Gary Moltert of De Soto told about railroad rolling stock that hauls Bakkum crude and ethanol.  He said, “Double hulled tankers are safer.  Canada is being very proactive enforcing this.  Here investors have $80 to $90K in old tankers and the government allows them six years to replace them with safer cars.”

Commissioner Wadhwa replied, “We can’t do anything, but the feds and USDOT can.” He added that, “New tank cars constructed after 2015 and existing cars must be retrofitted and have an advanced brake system installed.”

Sherry Quamme, representing the Mississippi River Parkway Commission said that, “We’re concerned with Wisconsin issues for eight counties of the Great River Road . . . we want to see that there is legal pedestrian access . . . additional crossings are not the answer because it requires a large capital investment.”

Mike Collins of the La Crosse Snowmobile Alliance said, “We purchased a building across the tracks.  We asked the railroad for a recreational crossing.  We asked them for $6,000.”  The railroad denied the request.  Collins added, “They said it’s a safety issue.  It’s not.  It is straight and level for miles.”

Frank LeMay commented that, “Point of access changes won’t work because the river changes from day to day.”

Joan Wolfe of Stoddard asked about changing Act 179, “What’s the downside?  Why wouldn’t the governor want to sign it?”

Senator Schilling said that, Assembly leader Van Wanggaard didn’t bring up the trespass law change proposed by 96th Assembly District representative Lee Nerison in the Assembly because,  “Governor Walker would likely veto it and the Republicans in the legislature don’t want to be put in the position of overriding the governor’s veto.”

Phillip Hooker of Victory said that the railroad speed limit is too high.  “It should be 45 mph max,” he said.

Monique Hooker of Victory expressed her concern about being able to do river cleanups, “The Friends of Pool 9 need to clean along the Mississippi and on the Wisconsin side.  Students and volunteers need access to clean up the river banks.  We have to look at the environmental issue and put your money where your mouth is.”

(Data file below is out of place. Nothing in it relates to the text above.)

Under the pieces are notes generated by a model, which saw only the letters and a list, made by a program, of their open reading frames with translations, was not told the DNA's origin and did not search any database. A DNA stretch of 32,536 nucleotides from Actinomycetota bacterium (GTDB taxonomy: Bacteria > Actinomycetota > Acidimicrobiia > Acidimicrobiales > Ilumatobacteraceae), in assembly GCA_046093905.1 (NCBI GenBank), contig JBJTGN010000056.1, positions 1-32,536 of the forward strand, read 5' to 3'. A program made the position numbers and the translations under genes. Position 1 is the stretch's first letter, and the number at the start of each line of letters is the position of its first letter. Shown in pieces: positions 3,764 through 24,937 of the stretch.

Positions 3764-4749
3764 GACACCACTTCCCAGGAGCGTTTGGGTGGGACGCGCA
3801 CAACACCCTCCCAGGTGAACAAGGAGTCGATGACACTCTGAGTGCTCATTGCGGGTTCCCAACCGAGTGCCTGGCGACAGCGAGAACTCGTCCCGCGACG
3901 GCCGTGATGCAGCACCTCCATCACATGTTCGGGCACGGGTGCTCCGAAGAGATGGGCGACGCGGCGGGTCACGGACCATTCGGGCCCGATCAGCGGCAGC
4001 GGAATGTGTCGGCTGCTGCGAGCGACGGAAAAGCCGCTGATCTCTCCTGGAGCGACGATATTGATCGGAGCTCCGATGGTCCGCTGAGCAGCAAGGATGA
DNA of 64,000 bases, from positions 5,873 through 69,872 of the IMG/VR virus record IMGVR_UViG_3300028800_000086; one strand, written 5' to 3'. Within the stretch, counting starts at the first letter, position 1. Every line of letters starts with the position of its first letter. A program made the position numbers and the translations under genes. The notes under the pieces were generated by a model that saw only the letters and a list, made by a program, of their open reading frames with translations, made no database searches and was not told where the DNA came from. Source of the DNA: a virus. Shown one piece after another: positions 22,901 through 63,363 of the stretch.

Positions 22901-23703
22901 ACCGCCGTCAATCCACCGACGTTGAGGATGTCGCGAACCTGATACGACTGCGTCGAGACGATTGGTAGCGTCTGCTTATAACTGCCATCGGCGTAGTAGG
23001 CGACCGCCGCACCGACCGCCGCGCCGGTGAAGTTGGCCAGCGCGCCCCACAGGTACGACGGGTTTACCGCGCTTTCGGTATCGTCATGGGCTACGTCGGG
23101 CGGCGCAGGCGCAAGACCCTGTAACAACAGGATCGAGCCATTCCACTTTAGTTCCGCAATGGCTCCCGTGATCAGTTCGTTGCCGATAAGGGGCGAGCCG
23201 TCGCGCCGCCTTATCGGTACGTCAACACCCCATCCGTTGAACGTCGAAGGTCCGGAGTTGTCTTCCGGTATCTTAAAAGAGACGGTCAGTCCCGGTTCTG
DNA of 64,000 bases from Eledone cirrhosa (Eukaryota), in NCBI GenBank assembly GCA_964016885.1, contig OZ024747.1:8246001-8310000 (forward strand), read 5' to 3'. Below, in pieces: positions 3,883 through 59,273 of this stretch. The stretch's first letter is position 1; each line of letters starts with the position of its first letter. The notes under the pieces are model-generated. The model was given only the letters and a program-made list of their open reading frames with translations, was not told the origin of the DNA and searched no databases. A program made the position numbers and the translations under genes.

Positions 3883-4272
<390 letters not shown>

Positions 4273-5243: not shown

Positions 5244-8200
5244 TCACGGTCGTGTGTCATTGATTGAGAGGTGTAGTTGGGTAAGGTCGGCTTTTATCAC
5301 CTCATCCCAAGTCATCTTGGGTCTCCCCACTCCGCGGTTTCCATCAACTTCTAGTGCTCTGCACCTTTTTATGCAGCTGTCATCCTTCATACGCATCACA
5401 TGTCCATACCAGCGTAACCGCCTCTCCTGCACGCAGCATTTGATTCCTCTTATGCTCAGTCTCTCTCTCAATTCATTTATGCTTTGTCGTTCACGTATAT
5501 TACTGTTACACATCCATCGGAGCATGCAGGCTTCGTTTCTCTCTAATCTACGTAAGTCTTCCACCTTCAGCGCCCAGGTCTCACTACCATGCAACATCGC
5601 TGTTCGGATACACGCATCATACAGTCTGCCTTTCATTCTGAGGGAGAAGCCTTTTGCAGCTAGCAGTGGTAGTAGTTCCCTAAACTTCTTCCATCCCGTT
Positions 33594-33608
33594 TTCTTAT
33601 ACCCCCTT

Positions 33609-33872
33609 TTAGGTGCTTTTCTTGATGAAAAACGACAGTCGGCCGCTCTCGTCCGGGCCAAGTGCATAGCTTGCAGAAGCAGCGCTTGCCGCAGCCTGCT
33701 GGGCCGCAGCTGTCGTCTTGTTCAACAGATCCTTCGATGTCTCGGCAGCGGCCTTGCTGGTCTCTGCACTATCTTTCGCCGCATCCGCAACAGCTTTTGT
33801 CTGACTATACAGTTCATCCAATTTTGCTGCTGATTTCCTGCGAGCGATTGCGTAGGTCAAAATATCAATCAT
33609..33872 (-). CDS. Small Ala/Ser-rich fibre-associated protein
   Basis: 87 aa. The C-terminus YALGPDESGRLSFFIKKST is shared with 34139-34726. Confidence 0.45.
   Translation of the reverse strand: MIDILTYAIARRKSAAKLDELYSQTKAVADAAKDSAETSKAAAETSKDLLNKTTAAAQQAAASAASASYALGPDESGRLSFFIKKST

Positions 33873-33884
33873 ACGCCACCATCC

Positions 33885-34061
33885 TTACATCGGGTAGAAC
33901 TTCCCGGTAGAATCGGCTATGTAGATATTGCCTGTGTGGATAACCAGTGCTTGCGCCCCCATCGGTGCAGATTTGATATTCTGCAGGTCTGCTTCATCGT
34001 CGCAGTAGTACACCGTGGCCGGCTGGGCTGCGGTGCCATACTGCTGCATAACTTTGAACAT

Ralph Knutson of De Soto said, “We need more rail inspections.  There is no state accountability – no rail inspectors.”  He added that, “The railroad is also interested in having only one person on a train to operate it to save money.”

Commissioner Wadhwa said that, “The federal safety board is taking comments on fewer crew.”

Senator Shilling added, “There is a bill in progress to improve emergency preparedness along the railroad and to train first responders to deal with (railroad) emergencies.”

A larger group attended the 1 PM session at Stoddard.  More than half a dozen people said they had received trespassing warnings from BNSF officers.  The railroad calls it, “ a public safety education campaign.”

Vernon County Sheriff John Spears asked those who received warnings if the officers were polite and courteous.  They all replied, “No.”  Spears who supports a compromise, told the Stoddard crowd that his deputies were not enforcing the law.  “If anybody gets arrested, they’re not spending a night in my jail. That’s for sure,” he said.

Dick Jensen of Stoddard said, “It’s almost like that railroad track now is a fence.”

Richard Meyer of La Crescent, Minn. ““This whole situation has damaged the state’s reputation and the railroad’s,” he said. “People are furious.”

Mike Widner of Boscobel, “The only folks who will likely obey the laws are hunters, fishers and trappers.”

Stoddard Village President Kevin Gobel said, “The enforcement campaign started soon after rail safety groups and the village complained about the condition of BNSF’s bridges.”

 

Great River Arts January Newsletter… and RAILROADING News

Please click link to view our JANUARY newsletter from Great River Arts. Lisa has featured a number of brand new hand-painted historic maps from her Gallery, as well as several new book releases from Great River Publishing.

Old Time Railroad Stories by Michael GillespieComing soon in PRINT from Great River Publishing is Mike Gillespie’s railroad anthology, OLD TIME Railroad STORIES! Call 888-255-7726 to reserve a copy from our first printing in March!